The main weapons though will be the higher level of abstraction and the close fit of the modeling language with the problem domain. Developers will be able to concentrate on the application behavior as perceived by the end user, rather than on the lower-level details of how to implement that behavior.
Behind the stage dressing of Secio’s objectives, the main objective was to provide a fully worked example of DSM. An important component in convincing people that DSM works is making the code generated from example models actually run. This presents several challenges not normally found in a real-world case of DSM. First, the most significant challenge is that the users must have a compiler installed for the language of the generated code.
These days, compilers tend to come as part of a full IDE, requiring a large investment of time, disk space, and possibly money to set up. Second, the user must have a runtime environment compatible with the format produced by the compiler. For both compiler and environment, there may also be various settings such as paths that are specific to each PC, and these settings will normally need to be synchronized with the generated code. Finally, the users will have a variety of different backgrounds, and varying experience with different languages, IDEs, and programming styles.
The need to make an application that would compile and run on many different platforms pointed away from C, the natural language choice for an embedded system. While core watch behavior in C would have been platform independent, the GUI widgets and graphics library in C tend to be platform specific. Also, the majority of commonly used C compilers and IDEs that users were likely to have are commercial products. The installation and use of the freely available compilers are generally sufficiently difficult to deter someone whose only motive would be to see an example application.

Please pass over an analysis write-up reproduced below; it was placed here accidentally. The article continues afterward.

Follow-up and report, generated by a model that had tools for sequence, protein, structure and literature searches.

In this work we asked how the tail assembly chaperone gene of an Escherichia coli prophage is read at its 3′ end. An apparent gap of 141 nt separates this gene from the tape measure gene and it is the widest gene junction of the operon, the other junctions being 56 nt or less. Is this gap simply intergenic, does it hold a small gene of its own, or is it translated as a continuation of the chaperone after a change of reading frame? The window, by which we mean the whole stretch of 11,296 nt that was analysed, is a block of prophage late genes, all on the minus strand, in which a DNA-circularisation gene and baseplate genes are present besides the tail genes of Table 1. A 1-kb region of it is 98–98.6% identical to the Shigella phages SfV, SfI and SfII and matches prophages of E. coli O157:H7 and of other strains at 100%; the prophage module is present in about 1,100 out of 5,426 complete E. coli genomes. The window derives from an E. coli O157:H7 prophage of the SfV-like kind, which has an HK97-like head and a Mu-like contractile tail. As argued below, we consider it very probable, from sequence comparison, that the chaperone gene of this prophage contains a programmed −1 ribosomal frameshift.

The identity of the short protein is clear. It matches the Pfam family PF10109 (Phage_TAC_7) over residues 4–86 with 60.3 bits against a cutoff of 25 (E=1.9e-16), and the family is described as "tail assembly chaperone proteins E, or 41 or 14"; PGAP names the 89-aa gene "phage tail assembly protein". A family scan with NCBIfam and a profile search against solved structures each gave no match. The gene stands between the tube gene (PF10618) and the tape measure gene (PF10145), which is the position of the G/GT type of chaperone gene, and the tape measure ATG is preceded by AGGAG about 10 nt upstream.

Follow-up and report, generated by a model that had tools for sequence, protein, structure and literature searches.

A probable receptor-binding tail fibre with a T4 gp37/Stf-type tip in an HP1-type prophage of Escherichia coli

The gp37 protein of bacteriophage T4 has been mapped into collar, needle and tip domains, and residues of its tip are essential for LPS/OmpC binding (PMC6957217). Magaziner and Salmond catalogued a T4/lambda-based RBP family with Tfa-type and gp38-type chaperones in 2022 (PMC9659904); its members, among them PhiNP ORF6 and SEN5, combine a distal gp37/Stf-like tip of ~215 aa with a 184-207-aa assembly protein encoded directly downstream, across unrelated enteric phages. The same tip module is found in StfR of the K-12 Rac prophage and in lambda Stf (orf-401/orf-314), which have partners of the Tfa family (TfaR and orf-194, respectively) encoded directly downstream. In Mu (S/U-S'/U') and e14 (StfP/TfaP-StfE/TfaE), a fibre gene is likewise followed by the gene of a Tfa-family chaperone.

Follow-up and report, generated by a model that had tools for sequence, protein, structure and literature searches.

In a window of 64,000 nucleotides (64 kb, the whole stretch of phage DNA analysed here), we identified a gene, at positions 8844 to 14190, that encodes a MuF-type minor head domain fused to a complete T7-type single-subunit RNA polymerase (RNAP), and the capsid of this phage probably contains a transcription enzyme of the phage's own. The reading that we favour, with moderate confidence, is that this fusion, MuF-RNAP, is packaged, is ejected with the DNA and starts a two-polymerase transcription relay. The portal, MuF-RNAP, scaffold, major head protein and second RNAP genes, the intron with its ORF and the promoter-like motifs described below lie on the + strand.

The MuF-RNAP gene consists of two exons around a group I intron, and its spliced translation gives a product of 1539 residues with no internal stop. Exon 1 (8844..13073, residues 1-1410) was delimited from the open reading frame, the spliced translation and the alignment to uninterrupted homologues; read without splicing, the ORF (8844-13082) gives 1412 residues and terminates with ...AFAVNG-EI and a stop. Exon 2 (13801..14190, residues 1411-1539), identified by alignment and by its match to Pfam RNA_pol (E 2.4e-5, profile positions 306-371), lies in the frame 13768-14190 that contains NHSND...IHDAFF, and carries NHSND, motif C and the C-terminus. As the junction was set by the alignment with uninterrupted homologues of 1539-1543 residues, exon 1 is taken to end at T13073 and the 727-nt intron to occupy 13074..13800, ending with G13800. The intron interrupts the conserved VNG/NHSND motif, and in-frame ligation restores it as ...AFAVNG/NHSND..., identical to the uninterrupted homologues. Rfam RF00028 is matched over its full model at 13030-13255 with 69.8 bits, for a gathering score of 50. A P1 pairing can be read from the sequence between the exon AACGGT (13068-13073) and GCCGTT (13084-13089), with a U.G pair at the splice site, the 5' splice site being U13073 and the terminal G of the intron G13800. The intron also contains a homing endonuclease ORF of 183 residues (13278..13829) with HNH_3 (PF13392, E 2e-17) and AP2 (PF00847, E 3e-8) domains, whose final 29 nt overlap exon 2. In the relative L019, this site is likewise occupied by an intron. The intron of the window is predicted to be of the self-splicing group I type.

While other languages with freely available compilers and runtime environments existed, the mainstream choice—and hence most likely to already exist on users’ computers—was Java. The resulting Java applications would also be small enough to be easily passed to other users, and availability of at least a Java runtime environment on a PC is virtually guaranteed. While Java was not the current language of choice for embedded development, it was originally developed for such devices and would be familiar to a large number of users.
Creating a watch modeling language
The development of the watch modeling language was carried out by Steven Kelly and Risto Pohjonen of MetaCase over a couple of weeks. As this was an example rather than a real-world case, there was no outside customer: as both developers had owned digital watches in the 1980s, they felt qualified to play the role of domain expert.